Eaca Colour Genie Auckland User Group Newsletters March 1984 to March 1986


In the early-mid 1980s, home computers were represented by a bewildering array of makes and models. Although most had some variant of Microsoft BASIC built-in, there was no standardization as such. This meant that software, and disk/tape file formats, were specific to the machine. To port it to other models meant typing a program in from scratch, or recompiling it for the new platform making allowances for different hardware. Modifications to said hardware were also specific to the model. These differences, and the fact that home computing was a novel concept and not at all intuitive, meant user support was important. That support came not so much from the manufacturer, but other sources such as magazines, books and local user groups.

The importance of user groups to orphan computers

Local user groups were clubs or associations centered in towns, cities or areas that grew up around particular microcomputers. While part of a wider support landscape for popular machines, they were critical for "orphan" computers. The latter were machines that appeared in the market, failed to become popular and then in a very short time were either abandoned by their manufacture or the company folded.

Figure 1. The Eaca Colour Genie on the cover of New Zealand Bits and Bytes, September 1983

The EACA Colour Genie is one such machine. It appeared on New Zealand shelves around the middle of 1983, but by the end of that year EACA was out of business . Distributors still had stock, which they gradually sold off, but Colour Genie users were on their own. Despite this, or perhaps because of it, small but active user group communities sprung up in New Zealand, the U.K., Germany, The Netherlands and possibly other countries.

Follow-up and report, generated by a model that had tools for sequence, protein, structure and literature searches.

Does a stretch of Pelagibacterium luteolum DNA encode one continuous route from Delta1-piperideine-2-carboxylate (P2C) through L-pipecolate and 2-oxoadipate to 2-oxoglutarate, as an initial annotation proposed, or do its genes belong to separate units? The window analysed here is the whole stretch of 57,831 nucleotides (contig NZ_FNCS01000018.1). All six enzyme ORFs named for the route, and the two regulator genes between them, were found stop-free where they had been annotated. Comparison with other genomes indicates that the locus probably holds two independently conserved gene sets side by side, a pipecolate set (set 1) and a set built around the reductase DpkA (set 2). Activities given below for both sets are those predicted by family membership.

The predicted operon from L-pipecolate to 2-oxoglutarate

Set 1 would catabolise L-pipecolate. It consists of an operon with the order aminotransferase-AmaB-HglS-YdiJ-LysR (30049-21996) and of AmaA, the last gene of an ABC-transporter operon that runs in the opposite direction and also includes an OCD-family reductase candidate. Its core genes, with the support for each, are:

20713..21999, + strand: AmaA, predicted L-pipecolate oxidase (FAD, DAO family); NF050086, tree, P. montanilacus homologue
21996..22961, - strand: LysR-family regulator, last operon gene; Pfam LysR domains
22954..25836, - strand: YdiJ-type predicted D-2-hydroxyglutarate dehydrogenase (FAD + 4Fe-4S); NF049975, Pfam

The Colour Genie Auckland District User Groups (and why I scanned their newsletter)

I acquired a bundle of newsletters of the Colour Genie Auckland District User Group with one of my Colour Genies. For computer historians, user group newsletters provide a glimpse into the role these associations played in supporting "orphan machines", and their contribution to early personal computing generally. This is why I decided to scan the Colour Genie user group newsletter issues I had, and make them available on this page. The contents cover activities such as...

Figure 2. Typeface at the top of each newssheet

There are 24 issues available covering the two years from March 1984 to March 1986. I have the first one, but I suspect not the last. The collection seems to be rough photocopies, however it is possible that they were originally produced like this. Most of the content is program listings, but there are some articles and considerable comment by editor Nola Huggins. Nola played a major role in the group. She had an indomitable and direct writing style, which adds an authenticity to the text. The tone is generally one of excitement, curiosity and activity, but also increasing frustration as support and overseas contacts start to dry up.

Reading these newsletters today, the Auckland Colour Genie user group appears quaint and nostalgic, a relic of a bygone era. It reflects the typical club culture of the time though.

(i) Individual issues

(ii) All of them

Figure 3. My own Colour Genie


18th March, 2017


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